Strong growth in house-building led to a pick-up in overall construction activity during the second quarter of this year, according to the latest RICS and Tughans Northern Ireland Construction Market Survey.
A net balance of 56% of surveyors across the province reland reported a rise in private housing building during the past three months, compared to 26% in the previous quarter.
In contrast, however, infrastructure workloads fell sharply, with the balance of Northern Ireland surveyors (-16%) pointing to a drop in activity. Northern Ireland was the only region of the UK in which the balance of surveyors reported a decline in infrastructure workloads.
“Overall, the report is pointing to rising construction activity, driven by house building, but we are not seeing evidence of any pick up in infrastructure investment, which is essential to future economic growth,” said RICS construction spokesman for Northern Ireland Jim Sammon.
“Surveyors are also expressing concern about the potential impact of Brexit on some investment plans in the construction sector.”
Michael McCord, construction partner at Tughans said the latest survey chimes with the anecdotal evidence from the market, where there have been a range of residential development schemes coming forward.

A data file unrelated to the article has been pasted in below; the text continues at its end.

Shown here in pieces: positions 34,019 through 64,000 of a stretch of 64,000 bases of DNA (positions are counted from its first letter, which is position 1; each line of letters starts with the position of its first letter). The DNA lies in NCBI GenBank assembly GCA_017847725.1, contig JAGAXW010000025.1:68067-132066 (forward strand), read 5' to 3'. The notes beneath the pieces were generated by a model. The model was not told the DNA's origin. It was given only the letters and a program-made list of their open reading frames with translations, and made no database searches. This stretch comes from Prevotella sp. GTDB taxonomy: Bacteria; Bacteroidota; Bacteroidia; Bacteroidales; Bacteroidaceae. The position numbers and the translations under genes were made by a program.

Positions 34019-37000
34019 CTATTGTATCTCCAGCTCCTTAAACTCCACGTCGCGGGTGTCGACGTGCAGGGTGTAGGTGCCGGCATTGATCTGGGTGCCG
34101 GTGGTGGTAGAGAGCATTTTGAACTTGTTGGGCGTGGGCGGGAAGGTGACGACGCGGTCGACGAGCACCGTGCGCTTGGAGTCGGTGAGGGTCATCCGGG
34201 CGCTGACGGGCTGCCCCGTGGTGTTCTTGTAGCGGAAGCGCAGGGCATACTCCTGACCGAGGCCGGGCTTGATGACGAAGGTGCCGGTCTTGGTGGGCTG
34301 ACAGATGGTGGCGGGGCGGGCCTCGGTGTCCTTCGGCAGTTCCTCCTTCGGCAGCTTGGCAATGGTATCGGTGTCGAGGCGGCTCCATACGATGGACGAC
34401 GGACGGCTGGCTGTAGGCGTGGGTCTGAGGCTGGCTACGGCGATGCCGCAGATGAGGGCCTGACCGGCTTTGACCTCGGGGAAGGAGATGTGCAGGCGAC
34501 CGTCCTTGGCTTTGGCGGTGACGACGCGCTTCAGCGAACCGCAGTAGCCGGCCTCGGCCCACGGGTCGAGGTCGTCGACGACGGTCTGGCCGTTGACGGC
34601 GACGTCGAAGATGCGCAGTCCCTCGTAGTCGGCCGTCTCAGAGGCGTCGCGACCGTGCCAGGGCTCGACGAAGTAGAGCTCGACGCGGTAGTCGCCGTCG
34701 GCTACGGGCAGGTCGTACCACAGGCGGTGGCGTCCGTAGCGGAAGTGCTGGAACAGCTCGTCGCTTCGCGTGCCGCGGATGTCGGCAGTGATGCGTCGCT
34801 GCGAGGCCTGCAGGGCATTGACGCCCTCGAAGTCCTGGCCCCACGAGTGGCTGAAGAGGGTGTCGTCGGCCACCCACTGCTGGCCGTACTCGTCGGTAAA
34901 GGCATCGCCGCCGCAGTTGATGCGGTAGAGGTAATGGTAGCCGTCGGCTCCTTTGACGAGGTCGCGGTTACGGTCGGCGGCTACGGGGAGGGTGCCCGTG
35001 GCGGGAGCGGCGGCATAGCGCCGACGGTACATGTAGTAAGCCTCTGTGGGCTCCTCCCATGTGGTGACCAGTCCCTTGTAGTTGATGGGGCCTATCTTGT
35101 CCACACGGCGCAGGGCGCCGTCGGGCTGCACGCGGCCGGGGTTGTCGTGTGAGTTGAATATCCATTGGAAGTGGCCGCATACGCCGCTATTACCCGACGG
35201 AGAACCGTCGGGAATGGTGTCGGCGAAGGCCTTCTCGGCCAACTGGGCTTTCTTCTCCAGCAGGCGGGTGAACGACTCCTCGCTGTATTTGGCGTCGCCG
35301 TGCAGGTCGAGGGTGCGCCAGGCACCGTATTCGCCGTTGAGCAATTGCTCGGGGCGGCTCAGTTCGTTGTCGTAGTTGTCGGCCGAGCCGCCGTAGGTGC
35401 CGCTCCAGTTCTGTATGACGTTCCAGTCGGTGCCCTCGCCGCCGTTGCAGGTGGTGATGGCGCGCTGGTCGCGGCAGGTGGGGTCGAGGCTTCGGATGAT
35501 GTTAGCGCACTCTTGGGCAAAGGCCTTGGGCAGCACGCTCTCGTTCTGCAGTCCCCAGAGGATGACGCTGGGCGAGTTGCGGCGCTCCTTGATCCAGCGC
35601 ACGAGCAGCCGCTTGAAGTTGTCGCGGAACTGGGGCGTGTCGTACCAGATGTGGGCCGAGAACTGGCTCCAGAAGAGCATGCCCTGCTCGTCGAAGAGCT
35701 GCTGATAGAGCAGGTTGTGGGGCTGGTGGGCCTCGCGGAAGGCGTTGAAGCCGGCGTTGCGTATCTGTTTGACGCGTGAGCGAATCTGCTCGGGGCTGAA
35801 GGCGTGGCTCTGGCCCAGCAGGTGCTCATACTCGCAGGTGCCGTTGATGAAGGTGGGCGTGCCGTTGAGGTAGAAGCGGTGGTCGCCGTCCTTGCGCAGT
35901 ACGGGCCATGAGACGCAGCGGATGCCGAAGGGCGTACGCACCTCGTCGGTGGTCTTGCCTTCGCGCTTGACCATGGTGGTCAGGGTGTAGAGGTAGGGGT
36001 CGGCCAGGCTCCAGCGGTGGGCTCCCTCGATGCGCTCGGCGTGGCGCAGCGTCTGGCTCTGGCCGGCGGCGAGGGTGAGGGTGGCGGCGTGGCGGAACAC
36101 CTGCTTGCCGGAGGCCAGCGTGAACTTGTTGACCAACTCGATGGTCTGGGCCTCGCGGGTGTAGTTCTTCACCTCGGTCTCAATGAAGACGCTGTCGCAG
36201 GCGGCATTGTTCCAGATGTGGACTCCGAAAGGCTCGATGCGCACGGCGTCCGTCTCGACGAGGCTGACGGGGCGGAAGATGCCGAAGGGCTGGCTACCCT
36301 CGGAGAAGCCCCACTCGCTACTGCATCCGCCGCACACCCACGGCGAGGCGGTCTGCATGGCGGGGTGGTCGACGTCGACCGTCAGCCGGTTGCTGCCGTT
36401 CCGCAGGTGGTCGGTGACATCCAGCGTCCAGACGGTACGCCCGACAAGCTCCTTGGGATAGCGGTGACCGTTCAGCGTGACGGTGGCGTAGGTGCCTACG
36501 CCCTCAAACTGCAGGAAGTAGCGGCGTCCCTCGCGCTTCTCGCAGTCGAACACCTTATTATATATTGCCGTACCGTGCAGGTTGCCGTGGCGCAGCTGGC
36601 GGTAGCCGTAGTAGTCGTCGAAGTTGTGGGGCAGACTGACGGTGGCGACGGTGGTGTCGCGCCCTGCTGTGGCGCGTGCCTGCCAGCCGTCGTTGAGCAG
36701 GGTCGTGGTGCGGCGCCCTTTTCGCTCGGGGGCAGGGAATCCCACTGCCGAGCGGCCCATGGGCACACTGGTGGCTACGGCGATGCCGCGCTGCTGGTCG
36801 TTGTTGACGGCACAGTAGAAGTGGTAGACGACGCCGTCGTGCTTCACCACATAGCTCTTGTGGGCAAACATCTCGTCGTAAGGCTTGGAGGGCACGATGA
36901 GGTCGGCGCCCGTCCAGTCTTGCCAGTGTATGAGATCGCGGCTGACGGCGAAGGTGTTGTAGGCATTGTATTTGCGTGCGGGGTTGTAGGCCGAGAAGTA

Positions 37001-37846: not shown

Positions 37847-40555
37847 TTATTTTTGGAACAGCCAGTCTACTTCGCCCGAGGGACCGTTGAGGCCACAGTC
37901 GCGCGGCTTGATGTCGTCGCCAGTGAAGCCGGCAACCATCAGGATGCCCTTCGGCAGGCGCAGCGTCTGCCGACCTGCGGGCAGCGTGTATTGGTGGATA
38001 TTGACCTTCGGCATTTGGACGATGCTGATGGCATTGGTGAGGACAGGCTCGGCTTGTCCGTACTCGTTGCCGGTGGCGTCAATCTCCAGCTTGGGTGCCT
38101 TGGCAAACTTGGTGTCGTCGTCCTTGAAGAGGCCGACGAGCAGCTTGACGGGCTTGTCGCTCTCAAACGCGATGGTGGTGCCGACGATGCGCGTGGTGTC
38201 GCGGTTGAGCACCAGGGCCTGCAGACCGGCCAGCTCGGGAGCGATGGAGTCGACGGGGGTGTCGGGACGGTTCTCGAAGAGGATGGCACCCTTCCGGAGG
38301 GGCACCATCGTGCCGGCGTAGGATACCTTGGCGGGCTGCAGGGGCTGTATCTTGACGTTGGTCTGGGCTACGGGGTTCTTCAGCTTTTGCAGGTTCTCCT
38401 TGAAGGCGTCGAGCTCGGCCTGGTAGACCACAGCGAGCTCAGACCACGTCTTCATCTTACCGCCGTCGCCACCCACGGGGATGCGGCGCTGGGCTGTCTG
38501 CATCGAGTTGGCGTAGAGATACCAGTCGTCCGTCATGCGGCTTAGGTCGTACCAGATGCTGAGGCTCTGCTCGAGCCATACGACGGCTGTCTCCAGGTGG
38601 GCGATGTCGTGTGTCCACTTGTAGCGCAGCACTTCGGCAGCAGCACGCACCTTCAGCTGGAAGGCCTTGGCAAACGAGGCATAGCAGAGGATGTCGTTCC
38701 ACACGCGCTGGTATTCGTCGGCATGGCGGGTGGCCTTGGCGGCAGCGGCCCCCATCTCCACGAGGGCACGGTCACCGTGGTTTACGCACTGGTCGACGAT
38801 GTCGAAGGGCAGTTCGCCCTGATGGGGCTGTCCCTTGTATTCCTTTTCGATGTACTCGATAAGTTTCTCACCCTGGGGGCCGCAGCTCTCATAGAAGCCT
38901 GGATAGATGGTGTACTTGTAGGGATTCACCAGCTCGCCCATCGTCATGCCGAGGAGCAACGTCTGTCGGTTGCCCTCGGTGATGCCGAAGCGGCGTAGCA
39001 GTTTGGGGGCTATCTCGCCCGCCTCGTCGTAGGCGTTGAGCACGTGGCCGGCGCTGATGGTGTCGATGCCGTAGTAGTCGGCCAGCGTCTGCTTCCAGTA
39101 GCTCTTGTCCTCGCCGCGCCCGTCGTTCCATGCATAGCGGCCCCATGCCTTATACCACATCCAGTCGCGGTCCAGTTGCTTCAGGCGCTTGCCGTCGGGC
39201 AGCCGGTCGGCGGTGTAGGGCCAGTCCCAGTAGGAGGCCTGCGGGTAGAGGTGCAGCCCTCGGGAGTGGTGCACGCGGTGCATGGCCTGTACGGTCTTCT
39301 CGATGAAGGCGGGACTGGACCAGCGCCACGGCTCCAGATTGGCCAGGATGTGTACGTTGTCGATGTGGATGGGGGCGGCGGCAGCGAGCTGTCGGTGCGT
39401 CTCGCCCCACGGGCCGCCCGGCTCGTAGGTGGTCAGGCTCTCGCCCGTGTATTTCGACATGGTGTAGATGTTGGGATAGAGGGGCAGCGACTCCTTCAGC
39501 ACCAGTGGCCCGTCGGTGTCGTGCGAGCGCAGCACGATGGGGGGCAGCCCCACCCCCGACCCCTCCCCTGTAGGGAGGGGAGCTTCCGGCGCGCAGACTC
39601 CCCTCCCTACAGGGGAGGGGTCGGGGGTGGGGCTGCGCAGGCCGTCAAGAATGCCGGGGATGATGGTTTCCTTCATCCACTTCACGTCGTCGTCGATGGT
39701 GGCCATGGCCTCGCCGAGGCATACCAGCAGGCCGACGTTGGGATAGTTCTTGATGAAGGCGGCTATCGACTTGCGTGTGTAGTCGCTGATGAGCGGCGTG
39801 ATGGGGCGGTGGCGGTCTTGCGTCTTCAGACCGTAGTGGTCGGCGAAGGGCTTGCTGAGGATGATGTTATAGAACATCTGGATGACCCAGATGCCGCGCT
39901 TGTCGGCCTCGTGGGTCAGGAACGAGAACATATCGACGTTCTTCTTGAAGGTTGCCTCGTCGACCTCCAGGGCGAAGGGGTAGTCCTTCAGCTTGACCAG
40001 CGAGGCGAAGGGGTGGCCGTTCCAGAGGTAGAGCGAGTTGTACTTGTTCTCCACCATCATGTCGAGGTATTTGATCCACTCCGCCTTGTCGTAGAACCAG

“However, the lack of infrastructure activity and the potential impact on investment plans from the EU Referendum result will be of concern to firms in the sector.
“On the positive side, the weakening of sterling since the June 23 vote could help increase the competitiveness of Northern Ireland companies working south of the border.”
The overall workloads balance rose to +24% from +13% in the previous quarter as a result of the strong growth in house building, as well as rising private commercial activity.
In terms of the 12-month outlook, sentiment amongst surveyors in relation to workloads remained broadly unchanged from the last quarter. Employment expectations however softened, and expectations for profit margins remained weak.